Miller I. Kast earned his education in architecture at the University of Pennsylvania. Kast began his career in Harrisburg, Pennsylvania, and is recognized for his early works, namely an alteration to the historic William Maclay Mansion at Front and South Streets. From there, Kast became one of the first members of the Pennsylvanian State Architects Licensure Board, serving as secretary for 18 years.
In 1924, Kast became third vice-president of the National Council of Architectural Registration Boards and was nominated to serve as president the following year. As NCARB’s third president, Kast’s work included organizing regional meetings, defining roles of the Council, and developing model legislation. With a deep respect for the architect title, Kast always encouraged the recognition of individual practitioners through examination and certification.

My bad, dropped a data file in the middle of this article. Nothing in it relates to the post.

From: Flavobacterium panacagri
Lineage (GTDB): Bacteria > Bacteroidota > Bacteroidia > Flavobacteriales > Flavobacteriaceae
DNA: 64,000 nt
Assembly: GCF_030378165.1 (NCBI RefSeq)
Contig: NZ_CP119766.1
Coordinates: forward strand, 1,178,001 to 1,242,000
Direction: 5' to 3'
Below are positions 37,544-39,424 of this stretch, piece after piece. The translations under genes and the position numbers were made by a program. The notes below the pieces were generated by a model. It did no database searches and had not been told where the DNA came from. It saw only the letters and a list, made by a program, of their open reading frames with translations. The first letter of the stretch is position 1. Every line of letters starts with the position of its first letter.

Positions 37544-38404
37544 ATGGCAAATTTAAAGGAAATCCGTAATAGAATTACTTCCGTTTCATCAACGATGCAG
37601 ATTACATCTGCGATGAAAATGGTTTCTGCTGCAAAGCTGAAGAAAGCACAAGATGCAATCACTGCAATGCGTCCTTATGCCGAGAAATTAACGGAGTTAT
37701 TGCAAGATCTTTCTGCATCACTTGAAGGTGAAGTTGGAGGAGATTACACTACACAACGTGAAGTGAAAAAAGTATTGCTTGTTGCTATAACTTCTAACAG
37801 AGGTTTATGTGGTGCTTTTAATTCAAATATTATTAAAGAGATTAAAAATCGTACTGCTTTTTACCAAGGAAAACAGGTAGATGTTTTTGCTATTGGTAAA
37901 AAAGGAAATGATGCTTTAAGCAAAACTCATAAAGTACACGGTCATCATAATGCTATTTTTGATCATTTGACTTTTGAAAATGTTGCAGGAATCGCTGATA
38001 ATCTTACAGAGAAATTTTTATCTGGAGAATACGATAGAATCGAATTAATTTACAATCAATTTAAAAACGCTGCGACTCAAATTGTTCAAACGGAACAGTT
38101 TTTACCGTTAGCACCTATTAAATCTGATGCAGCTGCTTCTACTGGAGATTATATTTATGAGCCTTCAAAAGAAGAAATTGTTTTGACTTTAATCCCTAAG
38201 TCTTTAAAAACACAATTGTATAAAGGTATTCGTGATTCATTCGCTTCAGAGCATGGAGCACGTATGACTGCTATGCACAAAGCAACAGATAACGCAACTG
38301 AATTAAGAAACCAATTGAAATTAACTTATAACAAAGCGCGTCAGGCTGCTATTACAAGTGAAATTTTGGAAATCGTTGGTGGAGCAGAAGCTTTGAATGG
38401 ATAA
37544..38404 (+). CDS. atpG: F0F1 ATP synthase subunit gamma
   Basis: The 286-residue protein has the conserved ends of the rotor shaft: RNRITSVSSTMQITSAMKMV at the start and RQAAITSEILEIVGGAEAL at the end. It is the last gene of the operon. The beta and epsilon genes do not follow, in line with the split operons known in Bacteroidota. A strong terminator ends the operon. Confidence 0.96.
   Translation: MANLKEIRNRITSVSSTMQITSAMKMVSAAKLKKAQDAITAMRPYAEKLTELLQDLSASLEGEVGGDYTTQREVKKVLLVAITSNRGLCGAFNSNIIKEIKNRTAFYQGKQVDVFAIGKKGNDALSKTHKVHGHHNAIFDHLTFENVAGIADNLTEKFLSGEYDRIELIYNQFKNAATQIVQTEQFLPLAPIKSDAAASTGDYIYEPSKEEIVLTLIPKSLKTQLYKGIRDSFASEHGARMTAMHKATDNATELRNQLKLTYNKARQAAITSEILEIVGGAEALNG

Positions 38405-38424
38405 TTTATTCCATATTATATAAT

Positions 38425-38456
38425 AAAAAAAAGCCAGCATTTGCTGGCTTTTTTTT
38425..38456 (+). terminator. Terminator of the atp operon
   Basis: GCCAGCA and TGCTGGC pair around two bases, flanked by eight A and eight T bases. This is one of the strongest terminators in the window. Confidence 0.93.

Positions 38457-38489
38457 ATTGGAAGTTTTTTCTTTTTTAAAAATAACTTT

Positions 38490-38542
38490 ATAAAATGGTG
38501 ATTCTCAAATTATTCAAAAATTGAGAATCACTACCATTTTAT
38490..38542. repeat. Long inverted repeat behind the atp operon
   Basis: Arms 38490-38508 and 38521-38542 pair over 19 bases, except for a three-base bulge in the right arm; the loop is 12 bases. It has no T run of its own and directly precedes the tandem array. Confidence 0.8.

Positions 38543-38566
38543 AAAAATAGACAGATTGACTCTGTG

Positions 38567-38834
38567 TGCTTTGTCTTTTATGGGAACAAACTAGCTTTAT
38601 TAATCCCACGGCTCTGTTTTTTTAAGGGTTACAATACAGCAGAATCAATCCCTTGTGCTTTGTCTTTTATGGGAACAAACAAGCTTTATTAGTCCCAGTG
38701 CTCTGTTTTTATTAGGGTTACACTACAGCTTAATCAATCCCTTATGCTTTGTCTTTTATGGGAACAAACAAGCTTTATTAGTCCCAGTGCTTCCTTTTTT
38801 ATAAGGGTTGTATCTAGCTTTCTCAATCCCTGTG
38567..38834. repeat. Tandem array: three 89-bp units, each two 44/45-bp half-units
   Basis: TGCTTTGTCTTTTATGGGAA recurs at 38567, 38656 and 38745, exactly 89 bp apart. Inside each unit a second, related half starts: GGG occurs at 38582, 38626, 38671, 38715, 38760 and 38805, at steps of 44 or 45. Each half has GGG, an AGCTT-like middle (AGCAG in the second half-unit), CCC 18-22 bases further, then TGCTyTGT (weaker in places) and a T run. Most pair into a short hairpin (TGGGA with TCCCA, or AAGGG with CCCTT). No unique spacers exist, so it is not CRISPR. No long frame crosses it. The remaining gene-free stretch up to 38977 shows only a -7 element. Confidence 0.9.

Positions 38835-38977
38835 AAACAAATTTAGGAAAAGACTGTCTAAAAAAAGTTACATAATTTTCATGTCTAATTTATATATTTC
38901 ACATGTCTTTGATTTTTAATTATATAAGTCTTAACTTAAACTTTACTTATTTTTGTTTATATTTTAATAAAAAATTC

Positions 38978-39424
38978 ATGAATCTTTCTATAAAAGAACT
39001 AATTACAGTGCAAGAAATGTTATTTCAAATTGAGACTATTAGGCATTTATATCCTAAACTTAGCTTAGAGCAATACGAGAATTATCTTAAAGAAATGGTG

Long after serving as president, Kast remained faithfully involved with NCARB throughout his life. In 1934, Kast was elevated to the American Institute of Architects (AIA) College of Fellows and managed an independent architectural practice until a few years before his death in 1946.